wireless can be rich as croesus
March 25, 2008
By Tom Wheeler
If the goal of these occasional musings is to stir the pot, the feedback on the last two articles suggests mission accomplished. January’s piece asked why it continued to make sense for wireless carriers to build and operate duplicate networks. Then February added insult to injury by questioning the future of carriers’ huge retail footprint. Now I can admit that these were just a setup to emphasize, in contrast, the bright future of the third leg of the carrier business model: the relationship with subscribers.
As networks become ubiquitous and functionally equivalent they become commodities. As penetration reaches 100 percent retail outlets become service centers rather than sales centers. The only major component of the wireless carriers’ business that strengthens over time (and cannot be bypassed) is the monthly exchange with subscribers.
“We have your phone and are holding it hostage until you pay us,” is how my friend Eric Goldberg describes the carrier-consumer relationship. The description may be a bit stark, but it is the foundation for a great relationship and a powerful business proposition.
In the Philippines it is the basis for the annual transfer of $14 billion between mobile phones, principally by the unbanked. In this country over 25 million households don’t have a bank account, yet I bet the majority of them have a mobile phone. The mobile device banks the unbanked elsewhere in the world and can here, too.
In Korea the mobile phone bill is replacing the credit card bill, especially for small payments for online services. Last year Korean carriers collected $1.3 billion from their subscribers in behalf of other merchants (and kept a piece). Here in the U.S. a start up named GoMoBo enables wireless subscribers to place a take out order via SMS, but the charge goes onto a credit card. Revenue from a transaction they enabled is slipping through carrier fingers.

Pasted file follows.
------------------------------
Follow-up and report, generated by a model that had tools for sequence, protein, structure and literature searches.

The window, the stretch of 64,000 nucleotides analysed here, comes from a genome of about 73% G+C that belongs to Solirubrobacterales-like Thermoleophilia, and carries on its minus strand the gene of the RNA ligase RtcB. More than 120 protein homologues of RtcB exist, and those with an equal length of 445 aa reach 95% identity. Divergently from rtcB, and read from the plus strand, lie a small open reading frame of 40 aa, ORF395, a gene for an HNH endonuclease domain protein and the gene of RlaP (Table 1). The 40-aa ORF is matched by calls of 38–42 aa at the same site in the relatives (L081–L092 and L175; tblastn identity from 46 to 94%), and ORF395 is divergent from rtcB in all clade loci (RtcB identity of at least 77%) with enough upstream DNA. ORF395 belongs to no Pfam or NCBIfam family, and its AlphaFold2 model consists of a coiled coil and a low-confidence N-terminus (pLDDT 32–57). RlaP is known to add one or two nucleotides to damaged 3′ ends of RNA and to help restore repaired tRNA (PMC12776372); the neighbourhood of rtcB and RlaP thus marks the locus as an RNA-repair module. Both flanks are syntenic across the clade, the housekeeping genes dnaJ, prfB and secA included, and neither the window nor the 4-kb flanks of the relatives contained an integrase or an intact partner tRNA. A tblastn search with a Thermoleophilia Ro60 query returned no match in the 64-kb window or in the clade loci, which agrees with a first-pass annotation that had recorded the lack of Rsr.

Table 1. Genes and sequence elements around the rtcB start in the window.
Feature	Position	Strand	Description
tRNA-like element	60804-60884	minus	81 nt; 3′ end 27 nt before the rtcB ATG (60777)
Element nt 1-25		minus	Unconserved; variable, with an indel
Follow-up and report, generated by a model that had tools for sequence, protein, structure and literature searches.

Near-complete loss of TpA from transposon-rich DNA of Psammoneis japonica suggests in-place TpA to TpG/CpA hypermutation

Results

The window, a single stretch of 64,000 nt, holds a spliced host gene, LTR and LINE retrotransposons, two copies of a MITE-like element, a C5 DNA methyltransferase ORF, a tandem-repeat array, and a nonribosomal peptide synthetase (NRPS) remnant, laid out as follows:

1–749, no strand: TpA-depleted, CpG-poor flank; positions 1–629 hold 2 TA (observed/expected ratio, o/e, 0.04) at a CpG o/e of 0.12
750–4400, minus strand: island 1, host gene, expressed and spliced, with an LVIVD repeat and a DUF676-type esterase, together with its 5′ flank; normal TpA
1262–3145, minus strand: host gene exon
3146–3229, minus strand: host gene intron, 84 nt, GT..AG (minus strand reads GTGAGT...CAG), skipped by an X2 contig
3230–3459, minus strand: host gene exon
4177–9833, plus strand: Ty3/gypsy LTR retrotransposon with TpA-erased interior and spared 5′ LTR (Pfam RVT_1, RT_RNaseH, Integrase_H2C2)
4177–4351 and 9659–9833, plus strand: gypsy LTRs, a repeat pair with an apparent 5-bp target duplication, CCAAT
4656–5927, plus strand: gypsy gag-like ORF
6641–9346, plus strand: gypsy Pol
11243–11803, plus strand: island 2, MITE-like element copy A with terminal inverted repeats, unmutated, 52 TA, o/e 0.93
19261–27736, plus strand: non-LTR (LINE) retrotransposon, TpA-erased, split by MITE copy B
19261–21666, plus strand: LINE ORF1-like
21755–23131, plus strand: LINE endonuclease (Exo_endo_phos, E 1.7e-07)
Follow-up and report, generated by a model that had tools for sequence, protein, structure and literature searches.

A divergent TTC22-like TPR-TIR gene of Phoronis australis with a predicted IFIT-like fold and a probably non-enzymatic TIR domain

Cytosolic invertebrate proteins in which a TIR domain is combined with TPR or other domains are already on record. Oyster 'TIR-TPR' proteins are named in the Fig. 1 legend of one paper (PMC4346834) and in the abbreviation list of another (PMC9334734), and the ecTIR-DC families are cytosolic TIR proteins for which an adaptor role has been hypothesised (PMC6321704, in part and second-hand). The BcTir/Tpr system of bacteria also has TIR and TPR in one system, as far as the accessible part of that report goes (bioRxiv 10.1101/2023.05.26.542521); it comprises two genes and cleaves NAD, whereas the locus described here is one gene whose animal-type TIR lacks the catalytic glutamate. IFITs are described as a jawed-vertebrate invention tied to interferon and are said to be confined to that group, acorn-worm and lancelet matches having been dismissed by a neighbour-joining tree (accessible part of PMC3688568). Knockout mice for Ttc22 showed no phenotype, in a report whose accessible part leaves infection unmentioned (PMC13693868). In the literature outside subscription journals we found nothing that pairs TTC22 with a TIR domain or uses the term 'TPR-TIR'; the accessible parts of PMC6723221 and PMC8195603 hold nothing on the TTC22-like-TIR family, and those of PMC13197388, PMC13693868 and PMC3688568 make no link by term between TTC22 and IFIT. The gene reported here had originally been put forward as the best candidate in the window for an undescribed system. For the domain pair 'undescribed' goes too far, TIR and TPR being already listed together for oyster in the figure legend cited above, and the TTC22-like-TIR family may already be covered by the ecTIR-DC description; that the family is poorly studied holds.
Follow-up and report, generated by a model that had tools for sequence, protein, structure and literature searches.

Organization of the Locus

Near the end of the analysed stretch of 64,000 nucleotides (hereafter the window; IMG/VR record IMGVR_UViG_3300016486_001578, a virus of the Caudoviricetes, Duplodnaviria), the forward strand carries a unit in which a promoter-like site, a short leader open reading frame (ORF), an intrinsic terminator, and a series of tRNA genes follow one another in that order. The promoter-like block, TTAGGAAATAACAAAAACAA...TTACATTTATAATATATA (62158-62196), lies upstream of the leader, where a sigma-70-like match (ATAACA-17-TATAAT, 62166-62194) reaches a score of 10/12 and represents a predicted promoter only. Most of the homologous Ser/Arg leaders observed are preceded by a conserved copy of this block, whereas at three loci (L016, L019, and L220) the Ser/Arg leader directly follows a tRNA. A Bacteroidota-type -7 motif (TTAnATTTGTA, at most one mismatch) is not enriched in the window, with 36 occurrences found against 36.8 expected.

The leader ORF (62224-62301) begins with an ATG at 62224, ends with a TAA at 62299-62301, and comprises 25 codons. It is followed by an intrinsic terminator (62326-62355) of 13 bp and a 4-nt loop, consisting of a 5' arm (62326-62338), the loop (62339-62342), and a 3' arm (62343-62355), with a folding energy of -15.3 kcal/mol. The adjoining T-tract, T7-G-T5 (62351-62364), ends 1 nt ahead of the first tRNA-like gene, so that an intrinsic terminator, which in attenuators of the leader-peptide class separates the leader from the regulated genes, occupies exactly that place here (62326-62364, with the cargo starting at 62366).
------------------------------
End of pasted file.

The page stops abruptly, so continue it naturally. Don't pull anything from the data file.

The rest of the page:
We all know the expression “Rich as Croesus.” This 6th century B.C. king of Lyndia (along the Ionian Coast of modern Turkey) built the economic model that could also define the 21st century wireless business. By replacing commodities such as salt or oxen with small round ingots Croesus primed the pump of commerce and created new markets. The famous wealth of Croesus came from how the easy-to-use coins grew the economy. It is the same opportunity wireless carriers have today: to create a new currency and enjoy the rewards.
But wait, there’s more! The future for wireless carriers doesn’t stop with mobile transfers and mobile payments. Opportunities abound to turn the relationship with the subscriber into revenue-producing services. Now that the FCC has ruled that data from non-voice Information Services is not Customer Proprietary Network Information (CPNI) whole new horizons beckon. For instance, knowing what searches a subscriber made allows the carrier to recommend other sites, just like Google. Add to that the consumer’s location during those searches and wireless carriers can out-Google Google.
The relationship with their subscribers is the carriers’ greatest asset. And the beauty of this relationship is that it is hard to disintermediate. At a time when the traditional network business is threatened with being simply a pipe this alone should attract management’s interest.
Twenty-seven centuries separate Croesus and the modern wireless industry. The story, however, is the same: the party that facilitates the flow of commerce reaps economic rewards.
Tom Wheeler is a Managing Director at Core Capital Partners, a venture capital firm specializing in early stage technology-based companies. He has been CEO of both the Cellular Telecommunications & Internet Association (CTIA) and National Cable Television Association (NCTA).